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Published: Dec 11, 2014 at 4:50 pm EST

The operating cashflow for BP plc (ADR) (NYSE:BP) is expected to grow 5.3% between 2014 and 2017. BP is slightly above Royal Dutch Shell plc’s (ADR) (NYSE:RDS.A) growth rate of 4.1%.There have been several factors that have contributed to low expected growth for the future operating cash flow.

Oil price has dipped 40% since June, with the West Texas Intermediate trading at $61.24 per barrel and the Brent crude trading at $64.56. The falling oil price has led to a decline in the cash flows for oil giants globally. BP has been adversely impacted due to the huge amounts it has paid in fines and settlements. The Californian lawsuit against the company along with the Gulf of Mexico 2010 settlement charges has clearly dampened the company’s liquidity position.

The company is looking to cut down on its costs. It has divested assets worth $43 billion and has decided to cut thousands of jobs across all business segments. The company is now looking forward to a 18-month efficiency program and has decided to focus more on value instead of volume. BP has announced $1 billion restructuring program. Lamar McKay who heads BP’s upstream sector indicated at the company’s investor day on Wednesday that the oil giant will experience a $2 billion decline in next year’s capital expenditure.

The $43 billion assets sold include 12% of the company’s reserves, 50% of the pipelines, and 35% of the wells. While production has dropped 30% since 2009, the number of employees in the upstream sector has increased 13%. This justifies BP’s policy of cutting jobs. This production figure is exclusive of the production from Russia. The company undertakes oil exploration and production activities with Rosneft Oil Co (OTCMKTS:RNFTF) in Russian and is suffering greatly amid the Western sanctions placed.

Critics have questioned the new mantra adopted by the company. Despite the benefits of cost-cutting measures, critics are concerned about BP’s new discoveries which will ensure that the company remains in the super-market bracket.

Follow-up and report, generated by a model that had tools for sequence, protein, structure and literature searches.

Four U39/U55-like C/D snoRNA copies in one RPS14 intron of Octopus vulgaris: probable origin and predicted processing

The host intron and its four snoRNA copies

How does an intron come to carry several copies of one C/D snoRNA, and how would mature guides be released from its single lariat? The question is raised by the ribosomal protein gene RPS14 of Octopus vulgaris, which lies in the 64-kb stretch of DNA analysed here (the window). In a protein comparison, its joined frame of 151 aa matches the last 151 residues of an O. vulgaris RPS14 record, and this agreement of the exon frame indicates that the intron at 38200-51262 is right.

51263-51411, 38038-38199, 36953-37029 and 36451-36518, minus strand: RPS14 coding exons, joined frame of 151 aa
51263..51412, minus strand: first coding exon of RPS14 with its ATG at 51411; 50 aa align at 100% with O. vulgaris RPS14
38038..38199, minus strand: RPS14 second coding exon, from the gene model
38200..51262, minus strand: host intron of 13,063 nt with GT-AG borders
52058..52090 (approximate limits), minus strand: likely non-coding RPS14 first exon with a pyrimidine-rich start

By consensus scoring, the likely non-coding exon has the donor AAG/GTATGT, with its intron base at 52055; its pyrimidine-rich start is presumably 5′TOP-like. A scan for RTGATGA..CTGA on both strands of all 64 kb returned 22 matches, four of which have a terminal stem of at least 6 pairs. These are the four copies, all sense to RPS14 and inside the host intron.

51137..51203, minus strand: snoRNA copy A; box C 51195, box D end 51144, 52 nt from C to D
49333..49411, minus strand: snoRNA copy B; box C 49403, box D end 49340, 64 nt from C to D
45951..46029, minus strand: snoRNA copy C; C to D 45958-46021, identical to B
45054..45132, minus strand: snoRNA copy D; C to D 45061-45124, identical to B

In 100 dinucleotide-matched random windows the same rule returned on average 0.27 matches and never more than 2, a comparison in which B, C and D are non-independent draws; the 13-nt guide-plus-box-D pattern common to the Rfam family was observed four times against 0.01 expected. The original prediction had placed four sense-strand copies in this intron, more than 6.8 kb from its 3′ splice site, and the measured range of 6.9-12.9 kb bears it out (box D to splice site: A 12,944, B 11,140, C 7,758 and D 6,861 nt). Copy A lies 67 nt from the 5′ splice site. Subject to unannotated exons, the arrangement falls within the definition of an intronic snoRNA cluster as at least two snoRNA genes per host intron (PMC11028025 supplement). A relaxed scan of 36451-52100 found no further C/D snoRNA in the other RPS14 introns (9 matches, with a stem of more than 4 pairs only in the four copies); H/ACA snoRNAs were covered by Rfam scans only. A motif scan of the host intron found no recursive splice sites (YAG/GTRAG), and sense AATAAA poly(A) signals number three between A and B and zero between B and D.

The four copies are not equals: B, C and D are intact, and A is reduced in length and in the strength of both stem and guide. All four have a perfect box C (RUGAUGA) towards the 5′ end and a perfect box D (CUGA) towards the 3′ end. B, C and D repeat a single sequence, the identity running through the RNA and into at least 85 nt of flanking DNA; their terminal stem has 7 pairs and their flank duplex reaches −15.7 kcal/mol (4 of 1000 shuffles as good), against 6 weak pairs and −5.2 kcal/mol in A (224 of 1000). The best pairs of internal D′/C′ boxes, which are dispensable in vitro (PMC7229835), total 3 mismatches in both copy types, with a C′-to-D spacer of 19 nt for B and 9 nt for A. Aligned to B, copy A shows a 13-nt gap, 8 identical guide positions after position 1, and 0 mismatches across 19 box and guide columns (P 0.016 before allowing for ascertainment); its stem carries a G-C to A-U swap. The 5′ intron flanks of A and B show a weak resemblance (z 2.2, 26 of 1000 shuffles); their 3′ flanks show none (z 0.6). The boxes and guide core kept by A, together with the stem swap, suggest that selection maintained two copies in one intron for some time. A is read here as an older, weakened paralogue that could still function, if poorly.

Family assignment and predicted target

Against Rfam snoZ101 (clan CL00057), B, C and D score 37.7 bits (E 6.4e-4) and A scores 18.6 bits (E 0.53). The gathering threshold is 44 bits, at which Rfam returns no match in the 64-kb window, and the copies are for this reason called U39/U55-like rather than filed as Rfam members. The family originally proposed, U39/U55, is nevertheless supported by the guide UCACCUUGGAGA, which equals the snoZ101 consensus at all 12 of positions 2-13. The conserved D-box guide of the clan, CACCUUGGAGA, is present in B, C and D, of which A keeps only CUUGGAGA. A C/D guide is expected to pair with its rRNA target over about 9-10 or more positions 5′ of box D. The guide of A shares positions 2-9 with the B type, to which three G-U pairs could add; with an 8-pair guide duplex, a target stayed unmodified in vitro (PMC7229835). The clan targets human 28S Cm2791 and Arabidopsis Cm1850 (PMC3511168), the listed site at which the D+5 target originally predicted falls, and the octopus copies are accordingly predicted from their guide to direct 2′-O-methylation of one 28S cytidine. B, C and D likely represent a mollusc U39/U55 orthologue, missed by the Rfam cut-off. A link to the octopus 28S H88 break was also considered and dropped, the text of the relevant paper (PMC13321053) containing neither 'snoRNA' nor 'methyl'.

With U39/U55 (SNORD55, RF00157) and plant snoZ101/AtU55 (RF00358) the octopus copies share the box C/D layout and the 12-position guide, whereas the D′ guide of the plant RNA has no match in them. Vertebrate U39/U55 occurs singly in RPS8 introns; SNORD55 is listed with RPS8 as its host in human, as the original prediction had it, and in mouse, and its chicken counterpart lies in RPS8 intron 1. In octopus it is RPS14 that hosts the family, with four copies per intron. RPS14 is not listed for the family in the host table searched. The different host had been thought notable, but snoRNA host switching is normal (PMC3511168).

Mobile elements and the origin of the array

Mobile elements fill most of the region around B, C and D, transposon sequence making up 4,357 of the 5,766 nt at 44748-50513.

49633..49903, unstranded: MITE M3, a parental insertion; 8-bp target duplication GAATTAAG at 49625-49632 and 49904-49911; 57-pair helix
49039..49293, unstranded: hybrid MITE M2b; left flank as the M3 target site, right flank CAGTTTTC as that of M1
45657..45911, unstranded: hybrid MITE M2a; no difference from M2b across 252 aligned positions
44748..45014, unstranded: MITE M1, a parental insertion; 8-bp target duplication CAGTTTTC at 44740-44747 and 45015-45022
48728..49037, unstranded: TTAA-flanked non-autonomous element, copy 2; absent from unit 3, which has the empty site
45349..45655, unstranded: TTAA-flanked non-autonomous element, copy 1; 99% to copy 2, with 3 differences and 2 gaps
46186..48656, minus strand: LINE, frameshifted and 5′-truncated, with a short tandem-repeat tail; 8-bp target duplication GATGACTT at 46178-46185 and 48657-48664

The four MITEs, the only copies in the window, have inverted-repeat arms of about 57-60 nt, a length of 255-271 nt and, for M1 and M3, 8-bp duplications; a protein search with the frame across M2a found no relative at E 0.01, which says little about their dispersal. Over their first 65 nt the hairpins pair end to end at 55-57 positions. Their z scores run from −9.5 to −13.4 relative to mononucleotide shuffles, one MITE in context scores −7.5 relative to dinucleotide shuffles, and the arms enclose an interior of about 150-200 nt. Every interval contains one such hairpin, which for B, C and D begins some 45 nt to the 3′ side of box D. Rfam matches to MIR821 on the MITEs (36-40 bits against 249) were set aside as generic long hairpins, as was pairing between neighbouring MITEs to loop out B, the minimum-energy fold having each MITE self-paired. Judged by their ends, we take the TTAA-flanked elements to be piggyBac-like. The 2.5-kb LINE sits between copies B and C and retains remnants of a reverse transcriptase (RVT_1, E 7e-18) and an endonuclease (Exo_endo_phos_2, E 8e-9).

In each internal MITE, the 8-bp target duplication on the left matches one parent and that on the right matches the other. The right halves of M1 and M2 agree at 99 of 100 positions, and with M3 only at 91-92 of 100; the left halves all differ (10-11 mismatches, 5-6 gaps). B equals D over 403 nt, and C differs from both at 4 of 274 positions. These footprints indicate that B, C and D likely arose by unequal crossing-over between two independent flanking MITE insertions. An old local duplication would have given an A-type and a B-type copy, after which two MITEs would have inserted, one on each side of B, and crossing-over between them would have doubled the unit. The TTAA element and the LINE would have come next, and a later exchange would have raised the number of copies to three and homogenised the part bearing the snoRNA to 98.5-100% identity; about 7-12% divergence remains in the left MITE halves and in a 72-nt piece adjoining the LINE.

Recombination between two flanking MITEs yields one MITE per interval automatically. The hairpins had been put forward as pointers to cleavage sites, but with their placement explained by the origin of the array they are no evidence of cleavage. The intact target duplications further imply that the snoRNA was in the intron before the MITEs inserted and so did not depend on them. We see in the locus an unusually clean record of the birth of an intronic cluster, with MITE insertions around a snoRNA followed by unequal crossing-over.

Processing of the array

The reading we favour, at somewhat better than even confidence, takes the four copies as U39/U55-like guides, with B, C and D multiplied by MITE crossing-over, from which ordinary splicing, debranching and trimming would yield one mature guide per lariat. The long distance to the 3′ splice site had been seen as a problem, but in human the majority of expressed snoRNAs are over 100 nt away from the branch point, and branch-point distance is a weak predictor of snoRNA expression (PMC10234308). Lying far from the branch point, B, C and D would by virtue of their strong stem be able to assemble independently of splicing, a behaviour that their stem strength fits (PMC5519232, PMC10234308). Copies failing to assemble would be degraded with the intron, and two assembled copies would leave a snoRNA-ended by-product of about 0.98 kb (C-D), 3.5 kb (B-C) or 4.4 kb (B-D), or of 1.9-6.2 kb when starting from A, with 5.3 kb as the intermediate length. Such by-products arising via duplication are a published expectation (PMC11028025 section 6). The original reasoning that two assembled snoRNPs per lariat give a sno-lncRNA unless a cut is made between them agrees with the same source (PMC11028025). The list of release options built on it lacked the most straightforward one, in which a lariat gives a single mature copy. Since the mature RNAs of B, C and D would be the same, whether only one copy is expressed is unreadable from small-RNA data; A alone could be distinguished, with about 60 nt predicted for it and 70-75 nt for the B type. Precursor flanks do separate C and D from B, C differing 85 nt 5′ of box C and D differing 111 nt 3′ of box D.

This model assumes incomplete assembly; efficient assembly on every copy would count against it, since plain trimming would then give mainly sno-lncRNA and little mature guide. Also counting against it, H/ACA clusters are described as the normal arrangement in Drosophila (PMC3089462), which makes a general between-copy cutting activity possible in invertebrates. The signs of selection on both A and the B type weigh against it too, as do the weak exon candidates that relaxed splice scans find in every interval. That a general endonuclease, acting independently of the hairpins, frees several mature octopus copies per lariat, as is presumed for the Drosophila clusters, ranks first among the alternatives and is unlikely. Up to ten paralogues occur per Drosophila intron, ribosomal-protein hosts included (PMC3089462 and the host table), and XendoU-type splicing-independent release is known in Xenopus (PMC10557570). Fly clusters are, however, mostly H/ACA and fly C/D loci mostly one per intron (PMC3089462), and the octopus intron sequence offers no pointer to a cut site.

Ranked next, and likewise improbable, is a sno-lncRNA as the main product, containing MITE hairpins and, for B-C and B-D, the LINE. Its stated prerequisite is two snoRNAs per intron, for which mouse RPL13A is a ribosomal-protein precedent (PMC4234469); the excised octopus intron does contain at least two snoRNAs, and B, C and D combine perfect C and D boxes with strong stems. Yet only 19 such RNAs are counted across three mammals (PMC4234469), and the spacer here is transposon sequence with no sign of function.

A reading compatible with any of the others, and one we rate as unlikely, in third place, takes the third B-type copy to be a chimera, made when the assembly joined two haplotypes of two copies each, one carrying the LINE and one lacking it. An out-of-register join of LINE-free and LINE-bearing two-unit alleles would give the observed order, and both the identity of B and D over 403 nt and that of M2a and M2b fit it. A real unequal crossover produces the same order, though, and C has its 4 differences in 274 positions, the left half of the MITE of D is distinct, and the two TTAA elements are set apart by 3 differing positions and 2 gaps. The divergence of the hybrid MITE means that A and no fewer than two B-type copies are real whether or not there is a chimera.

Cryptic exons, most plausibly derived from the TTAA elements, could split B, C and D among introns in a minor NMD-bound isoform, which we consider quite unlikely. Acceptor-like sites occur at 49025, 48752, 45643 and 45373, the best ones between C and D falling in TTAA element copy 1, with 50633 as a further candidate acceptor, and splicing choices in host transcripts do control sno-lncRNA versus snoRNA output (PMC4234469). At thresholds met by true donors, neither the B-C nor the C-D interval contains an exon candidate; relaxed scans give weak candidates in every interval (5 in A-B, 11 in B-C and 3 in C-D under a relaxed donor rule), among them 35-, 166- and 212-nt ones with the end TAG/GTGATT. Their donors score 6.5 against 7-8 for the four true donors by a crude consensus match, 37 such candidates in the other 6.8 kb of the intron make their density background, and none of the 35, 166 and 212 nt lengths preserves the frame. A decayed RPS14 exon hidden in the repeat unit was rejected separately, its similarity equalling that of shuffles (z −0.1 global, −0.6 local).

Investors’ concerns were addressed by Mr. McKay who expects the company to produce more than 900,000 barrels of oil equivalent per day till 2020. Half of the production growth will be associated with the Mad Dog field in the Gulf of Mexico, whose construction is delayed and is expected to start by 2017. Mr. McKay further pointed out that projects like Thunder Horse field and Clair Ridge will help cover the losses BP faced through the 2010 oil spill.

BP stock stood at $37.74, down 2.02%, during the pre-market hours on Thursday. Some analysts still believe the company to have a lot of expertise in deep-water drilling. This coupled with higher margin in the Gulf of Mexico region will allow the company to survive.

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  1. #1 Fool
    on Dec 12th, 2014 at 16:13

    This article is junk

  2. #2 na na
    on Dec 12th, 2014 at 16:10

    “DISCLAIMER: This is not a Shell website, nor is it officially endorsed by or affiliated with Royal Dutch Shell Plc. ”

    Then why pretend to be part of Shell?


    Anyone who can read English should quickly apprehend that this is not a Shell website. The domain name was obtained to embarrass Shell which it succeeded in doing. Shell issued proceedings to seize the domain name nearly 10 years ago but lost the case. This resulted in further egg on corporate face.

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